“I love her so much, but I’m on the verge of putting her in the garbage.”
That’s what a very pregnant Ali Wong tells the audience in her new Netflix special, Hard Knock Wife, speaking of her young daughter, whom Wong was carrying during her 2016 special Baby Cobra. It’s one of many lines that seems to have been dredged up from her id, and the way she delivers each of them — often staring straight ahead into the middle distance and putting … long … pauses between phrases — makes it seem as if she’s in the grip of unseen forces that compel her to tell us the truth.
The Mother’s Day release slot is property of Ali Wong, thanks to Baby Cobra, which came out before Mother’s Day two years ago and made her famous enough to be recognized on the street (she talks about her newfound celebrity in this performance). A big part of the reason Baby Cobra struck a nerve was the frank way she talked about all the parts of motherhood that women are not supposed to acknowledge, for fear that it would depress or horrify others. Hard Knock Wife offers plenty more in that vein. When we last saw her on Netflix, she hadn’t given birth yet. Here, she’s on the verge of going through the experience again — her cheetah-print dress, sparkly gold flats, and lipstick-red eyeglasses frames make her the funkiest obstetrics patient in the room — and she’s here to tell us that she’d really rather not.
Motherhood, she tells us, is “a wack-ass job … You’re in solitary confinement all day long with this human Tamagotchi, so the stakes are extremely high.” You can see proof of her commitment whenever she smells her daughter’s diaper, an act that Wong draws out and pantomimes until she appears to be savoring the bouquet of a Pinot Noir or huffing paint thinner, maybe both. “I told my husband ‘till death do us part,’ and not once have I ever sniffed his ass to see if he shit his pants.”
This is a hilarious special that becomes thrilling whenever Wong tests her own descriptive powers and the audience’s capacity to absorb images of squalor, misery, or pain. It’s bracing, in some ways cathartic, to hear a parent talk this way about their experiences, as Wong does here (and as Pamela Adlon does on Better Things). But the explosive physicality of Wong’s delivery, and the intensely visceral way she describes what she felt physically and emotionally before and after giving birth, is what gives this special most of its power.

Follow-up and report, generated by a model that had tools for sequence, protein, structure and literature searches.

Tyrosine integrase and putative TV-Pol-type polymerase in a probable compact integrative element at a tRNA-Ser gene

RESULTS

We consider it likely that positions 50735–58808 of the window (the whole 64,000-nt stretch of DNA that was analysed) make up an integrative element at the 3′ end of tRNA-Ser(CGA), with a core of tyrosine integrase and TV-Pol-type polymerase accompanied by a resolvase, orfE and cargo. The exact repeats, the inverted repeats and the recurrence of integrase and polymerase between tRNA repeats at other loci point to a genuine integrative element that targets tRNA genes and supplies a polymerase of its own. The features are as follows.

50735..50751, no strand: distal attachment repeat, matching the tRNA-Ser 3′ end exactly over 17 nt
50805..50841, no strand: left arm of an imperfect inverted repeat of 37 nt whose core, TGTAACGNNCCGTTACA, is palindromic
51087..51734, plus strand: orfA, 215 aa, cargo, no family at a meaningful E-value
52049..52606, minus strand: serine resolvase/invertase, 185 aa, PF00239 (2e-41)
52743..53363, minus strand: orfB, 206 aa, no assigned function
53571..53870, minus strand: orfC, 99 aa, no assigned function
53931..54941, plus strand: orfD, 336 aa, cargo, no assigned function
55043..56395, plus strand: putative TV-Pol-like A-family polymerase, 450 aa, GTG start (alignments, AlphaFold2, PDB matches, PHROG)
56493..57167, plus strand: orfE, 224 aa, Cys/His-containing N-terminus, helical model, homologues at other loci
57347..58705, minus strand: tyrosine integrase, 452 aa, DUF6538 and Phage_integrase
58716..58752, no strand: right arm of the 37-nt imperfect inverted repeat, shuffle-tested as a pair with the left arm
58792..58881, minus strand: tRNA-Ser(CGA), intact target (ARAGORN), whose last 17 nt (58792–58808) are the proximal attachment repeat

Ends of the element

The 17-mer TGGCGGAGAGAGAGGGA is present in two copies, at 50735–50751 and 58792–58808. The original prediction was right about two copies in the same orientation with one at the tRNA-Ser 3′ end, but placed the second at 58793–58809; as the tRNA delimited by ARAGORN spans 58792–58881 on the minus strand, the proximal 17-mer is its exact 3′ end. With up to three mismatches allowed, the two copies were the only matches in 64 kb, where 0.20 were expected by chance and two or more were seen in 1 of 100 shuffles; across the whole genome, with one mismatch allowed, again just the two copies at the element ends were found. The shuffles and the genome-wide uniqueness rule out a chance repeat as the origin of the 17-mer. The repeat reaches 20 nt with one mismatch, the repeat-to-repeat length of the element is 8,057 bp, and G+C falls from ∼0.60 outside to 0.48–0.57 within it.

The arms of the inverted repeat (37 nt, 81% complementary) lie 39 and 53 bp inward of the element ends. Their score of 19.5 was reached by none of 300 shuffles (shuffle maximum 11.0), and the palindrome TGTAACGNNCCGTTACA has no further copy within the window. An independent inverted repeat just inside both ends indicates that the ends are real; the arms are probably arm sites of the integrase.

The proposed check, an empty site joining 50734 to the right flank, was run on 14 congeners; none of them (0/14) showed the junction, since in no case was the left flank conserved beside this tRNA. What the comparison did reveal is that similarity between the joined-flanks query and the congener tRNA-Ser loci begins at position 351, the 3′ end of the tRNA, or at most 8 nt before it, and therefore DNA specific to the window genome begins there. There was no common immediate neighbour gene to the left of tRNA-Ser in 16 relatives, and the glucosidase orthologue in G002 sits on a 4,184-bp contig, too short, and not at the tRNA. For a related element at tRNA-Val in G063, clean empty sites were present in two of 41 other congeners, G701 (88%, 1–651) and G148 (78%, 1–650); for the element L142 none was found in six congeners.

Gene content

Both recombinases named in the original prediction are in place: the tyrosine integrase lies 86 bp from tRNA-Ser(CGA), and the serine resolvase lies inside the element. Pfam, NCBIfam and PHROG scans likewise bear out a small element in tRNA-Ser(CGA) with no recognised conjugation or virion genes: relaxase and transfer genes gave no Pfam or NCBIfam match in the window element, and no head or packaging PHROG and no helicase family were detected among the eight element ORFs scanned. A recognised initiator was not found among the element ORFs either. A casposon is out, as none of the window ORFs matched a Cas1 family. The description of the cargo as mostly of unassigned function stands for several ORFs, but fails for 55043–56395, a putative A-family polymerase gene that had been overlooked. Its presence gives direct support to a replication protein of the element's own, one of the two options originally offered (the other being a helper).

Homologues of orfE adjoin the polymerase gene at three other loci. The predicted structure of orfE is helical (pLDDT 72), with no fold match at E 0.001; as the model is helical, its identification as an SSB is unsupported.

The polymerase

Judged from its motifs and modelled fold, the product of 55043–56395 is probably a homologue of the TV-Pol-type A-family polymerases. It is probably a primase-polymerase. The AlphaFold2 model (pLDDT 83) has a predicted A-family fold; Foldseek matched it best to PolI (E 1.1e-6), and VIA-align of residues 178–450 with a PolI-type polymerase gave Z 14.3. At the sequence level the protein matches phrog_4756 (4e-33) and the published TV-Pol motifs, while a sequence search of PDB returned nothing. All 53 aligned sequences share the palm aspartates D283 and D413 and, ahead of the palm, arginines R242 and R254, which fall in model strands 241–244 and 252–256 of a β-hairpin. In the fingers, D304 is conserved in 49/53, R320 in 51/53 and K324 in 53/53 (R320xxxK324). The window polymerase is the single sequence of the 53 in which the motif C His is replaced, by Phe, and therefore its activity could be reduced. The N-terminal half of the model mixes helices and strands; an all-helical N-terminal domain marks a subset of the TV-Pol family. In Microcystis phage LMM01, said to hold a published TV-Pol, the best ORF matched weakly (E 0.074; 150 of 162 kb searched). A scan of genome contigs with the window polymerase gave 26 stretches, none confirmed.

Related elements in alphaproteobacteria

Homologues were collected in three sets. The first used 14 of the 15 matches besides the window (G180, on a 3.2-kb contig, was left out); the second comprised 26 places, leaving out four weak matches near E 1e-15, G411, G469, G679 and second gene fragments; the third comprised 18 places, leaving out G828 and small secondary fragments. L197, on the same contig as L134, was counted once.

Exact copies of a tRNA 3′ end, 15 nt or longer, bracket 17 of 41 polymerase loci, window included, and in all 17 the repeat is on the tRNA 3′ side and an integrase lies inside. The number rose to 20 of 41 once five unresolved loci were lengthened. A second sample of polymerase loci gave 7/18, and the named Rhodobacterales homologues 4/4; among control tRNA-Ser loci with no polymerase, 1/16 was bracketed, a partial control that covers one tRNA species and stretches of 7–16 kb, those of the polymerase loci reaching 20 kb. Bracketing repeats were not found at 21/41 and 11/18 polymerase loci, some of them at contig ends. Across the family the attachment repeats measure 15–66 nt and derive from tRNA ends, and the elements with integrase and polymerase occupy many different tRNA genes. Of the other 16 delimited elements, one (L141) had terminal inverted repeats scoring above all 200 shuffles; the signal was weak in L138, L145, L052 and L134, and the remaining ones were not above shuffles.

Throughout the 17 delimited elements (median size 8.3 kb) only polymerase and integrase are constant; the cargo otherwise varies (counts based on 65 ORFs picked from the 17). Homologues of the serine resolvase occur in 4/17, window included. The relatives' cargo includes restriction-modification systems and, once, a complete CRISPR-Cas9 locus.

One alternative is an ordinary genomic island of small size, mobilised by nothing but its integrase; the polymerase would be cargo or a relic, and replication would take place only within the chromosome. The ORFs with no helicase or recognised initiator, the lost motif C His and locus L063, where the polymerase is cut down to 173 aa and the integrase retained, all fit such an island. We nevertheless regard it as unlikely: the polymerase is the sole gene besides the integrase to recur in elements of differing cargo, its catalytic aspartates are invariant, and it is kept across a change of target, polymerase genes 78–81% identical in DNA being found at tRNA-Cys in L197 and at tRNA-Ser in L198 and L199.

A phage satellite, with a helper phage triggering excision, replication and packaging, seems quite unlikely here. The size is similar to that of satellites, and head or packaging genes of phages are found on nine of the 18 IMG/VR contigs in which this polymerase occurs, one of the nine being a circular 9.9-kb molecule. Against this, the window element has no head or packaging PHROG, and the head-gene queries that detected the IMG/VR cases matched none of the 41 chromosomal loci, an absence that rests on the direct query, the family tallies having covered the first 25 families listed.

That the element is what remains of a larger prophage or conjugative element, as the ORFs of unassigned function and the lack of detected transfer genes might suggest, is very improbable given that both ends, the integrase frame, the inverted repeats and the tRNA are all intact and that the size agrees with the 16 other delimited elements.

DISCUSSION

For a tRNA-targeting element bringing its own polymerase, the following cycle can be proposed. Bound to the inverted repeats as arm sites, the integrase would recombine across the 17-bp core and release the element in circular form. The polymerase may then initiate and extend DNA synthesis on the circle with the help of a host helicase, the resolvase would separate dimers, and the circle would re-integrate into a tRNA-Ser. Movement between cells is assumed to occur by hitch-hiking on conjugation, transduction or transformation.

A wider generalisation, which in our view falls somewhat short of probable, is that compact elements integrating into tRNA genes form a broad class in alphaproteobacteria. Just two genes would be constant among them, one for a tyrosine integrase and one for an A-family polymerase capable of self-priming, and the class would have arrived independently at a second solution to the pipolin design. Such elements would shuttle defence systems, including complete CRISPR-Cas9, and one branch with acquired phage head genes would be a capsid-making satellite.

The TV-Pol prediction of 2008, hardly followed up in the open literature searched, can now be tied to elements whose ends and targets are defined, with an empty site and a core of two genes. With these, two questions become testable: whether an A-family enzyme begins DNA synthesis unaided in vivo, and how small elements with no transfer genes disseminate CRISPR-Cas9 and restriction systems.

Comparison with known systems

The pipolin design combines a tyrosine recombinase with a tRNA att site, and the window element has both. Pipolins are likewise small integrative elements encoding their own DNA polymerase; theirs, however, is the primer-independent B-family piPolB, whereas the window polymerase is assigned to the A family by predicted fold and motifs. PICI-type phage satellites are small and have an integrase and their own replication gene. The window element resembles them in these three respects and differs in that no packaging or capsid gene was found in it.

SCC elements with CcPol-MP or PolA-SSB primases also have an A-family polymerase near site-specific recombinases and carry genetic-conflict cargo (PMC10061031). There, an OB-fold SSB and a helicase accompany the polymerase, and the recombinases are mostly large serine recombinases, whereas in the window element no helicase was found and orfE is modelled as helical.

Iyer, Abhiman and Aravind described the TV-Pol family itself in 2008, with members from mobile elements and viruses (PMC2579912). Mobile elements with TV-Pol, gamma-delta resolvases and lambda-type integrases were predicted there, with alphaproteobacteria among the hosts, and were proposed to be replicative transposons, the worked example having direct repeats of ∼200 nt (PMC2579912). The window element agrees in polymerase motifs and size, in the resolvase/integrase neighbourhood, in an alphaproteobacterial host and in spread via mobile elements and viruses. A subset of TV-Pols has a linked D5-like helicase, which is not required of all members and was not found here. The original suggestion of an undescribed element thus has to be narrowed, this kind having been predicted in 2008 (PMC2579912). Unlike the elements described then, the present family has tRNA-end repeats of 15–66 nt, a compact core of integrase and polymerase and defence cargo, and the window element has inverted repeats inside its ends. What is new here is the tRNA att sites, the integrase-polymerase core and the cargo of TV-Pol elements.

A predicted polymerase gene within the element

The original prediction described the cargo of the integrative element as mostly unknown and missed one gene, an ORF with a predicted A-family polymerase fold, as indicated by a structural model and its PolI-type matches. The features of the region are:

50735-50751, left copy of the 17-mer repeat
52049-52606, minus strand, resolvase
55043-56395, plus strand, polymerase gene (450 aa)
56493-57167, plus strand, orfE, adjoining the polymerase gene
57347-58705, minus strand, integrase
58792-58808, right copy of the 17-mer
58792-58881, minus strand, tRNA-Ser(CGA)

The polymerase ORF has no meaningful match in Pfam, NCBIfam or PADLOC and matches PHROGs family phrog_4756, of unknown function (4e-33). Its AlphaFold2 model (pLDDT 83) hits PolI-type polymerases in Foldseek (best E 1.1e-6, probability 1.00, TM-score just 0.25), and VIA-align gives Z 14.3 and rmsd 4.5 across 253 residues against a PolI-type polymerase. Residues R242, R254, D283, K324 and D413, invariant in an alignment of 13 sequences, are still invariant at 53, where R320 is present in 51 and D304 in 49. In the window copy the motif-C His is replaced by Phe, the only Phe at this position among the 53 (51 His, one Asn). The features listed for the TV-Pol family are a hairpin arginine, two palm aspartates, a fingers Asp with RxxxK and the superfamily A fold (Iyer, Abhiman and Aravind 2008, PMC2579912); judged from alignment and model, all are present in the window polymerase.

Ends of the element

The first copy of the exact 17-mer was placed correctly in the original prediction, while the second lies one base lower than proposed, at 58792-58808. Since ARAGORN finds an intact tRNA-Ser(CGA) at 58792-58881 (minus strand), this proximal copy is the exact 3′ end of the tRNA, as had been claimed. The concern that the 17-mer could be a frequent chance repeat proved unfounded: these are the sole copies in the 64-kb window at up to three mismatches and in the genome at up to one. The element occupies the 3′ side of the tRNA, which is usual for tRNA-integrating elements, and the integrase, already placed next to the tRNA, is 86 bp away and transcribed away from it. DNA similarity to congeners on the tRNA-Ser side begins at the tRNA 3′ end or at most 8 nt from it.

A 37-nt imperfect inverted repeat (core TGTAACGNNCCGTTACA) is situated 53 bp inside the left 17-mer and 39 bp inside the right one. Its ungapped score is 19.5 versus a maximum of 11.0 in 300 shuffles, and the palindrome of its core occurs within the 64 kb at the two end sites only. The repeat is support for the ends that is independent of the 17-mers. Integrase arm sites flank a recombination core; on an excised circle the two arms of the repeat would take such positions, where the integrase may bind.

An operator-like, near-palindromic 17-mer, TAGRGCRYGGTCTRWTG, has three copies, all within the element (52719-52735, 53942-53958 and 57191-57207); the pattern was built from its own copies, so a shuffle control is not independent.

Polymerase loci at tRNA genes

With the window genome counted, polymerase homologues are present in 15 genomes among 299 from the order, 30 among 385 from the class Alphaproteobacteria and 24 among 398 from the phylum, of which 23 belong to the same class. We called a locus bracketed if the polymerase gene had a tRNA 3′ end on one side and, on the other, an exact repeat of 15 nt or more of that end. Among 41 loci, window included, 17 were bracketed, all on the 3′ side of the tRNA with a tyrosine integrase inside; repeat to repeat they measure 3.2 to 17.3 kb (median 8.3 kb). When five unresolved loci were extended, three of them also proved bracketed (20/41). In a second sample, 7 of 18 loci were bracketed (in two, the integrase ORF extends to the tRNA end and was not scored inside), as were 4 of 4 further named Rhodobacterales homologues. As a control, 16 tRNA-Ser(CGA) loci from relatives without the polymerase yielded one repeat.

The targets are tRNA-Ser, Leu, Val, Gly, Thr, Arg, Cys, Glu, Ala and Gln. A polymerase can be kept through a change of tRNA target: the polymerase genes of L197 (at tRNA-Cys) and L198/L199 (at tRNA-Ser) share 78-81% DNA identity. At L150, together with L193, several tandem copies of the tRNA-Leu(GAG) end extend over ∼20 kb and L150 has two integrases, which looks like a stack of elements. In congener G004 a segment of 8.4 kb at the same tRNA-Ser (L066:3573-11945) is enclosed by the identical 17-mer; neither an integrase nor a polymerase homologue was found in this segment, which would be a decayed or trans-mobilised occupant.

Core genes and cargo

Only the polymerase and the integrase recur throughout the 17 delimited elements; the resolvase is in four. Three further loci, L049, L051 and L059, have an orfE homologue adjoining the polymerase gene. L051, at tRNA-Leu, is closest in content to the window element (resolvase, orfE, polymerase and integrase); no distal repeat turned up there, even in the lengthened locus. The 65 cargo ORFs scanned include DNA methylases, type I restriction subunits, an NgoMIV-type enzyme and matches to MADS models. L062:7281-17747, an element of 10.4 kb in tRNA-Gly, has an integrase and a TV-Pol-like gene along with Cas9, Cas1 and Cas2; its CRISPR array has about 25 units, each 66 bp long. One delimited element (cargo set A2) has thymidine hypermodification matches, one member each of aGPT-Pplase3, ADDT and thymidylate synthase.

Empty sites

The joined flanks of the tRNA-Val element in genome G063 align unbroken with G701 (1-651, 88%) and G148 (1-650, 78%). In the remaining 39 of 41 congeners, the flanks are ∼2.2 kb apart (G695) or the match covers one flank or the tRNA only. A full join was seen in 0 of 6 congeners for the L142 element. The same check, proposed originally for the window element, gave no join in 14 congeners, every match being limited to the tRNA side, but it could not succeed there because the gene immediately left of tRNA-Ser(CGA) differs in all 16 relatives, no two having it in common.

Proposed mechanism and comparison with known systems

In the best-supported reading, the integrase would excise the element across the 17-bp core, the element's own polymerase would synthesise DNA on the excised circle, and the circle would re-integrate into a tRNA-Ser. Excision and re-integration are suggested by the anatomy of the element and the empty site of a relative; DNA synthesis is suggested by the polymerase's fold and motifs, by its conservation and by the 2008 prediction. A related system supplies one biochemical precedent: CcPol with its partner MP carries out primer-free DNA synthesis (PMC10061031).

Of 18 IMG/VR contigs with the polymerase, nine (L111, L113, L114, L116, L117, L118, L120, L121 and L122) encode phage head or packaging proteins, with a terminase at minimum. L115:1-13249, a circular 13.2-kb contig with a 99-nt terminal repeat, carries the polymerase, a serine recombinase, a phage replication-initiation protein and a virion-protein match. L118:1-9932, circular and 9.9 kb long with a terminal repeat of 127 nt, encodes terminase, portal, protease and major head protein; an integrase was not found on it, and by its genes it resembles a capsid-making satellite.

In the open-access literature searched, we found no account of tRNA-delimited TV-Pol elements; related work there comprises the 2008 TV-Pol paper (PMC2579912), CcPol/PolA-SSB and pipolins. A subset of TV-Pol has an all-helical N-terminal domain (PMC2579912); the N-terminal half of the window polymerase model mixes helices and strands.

She becomes political simply by describing her experiences, whether she’s contemplating the way breastfeeding advocates inadvertently make formula-feeders feel like bad parents and corporate sellouts, to the moral necessity of the government giving American women paid maternity leave, just like other developed nations. “Maternity leave is for women to hide and heal their demolished-ass bodies,” she yells, her voice nearly hoarse with outrage. Wong describes breastfeeding as if it were a form of torture: “The nurse promised me I would have a particularly easy time because my nipples look like fingers,” she says, then goes on to describe her milk flow as looking like the Fountains of the Bellagio. She compares the enervated feeling that mothers experience as a result of being constantly available in every way to Shel Silverstein’s The Giving Tree, a book she says she never really understood until she became a mom. She even defends the stereotypical mom preferences in fashion, including sparkly things: “When you’re a mom, you need sparkle to compensate for the light inside of you that has died.”
In both specials, Wong covers a lot more territory than just pregnancy and motherhood: there’s raw, often hilarious material about sex, dating, and marriage in both, including a period-sex story that ends up feeling curiously inspirational. There are also absurdist bits about race and feminism that seem like ironic hipster “politically incorrect” takes that are at risk of turning sour until you realize Wong is mainly just skewering herself. (She says that ethnic studies amounts to blaming white people for everything, and says she’s so exhausted by “having it all” that when she and her husband are alone, “I request that he call me a simple ho.”)
Her intimate honesty always shines through. She paces the stage, leading with her belly, sometimes holding her arms akimbo and planting her feet far apart in what could be either a dance move or an iconic silhouette of a mother goddess, depending on what sort of mood she’s in. Wong has perfected that basic yet elusive trick that some writers spend their entire lives failing to master: She makes you feel as if it’s just the two of you, and she trusts you enough to tell you how she really feels.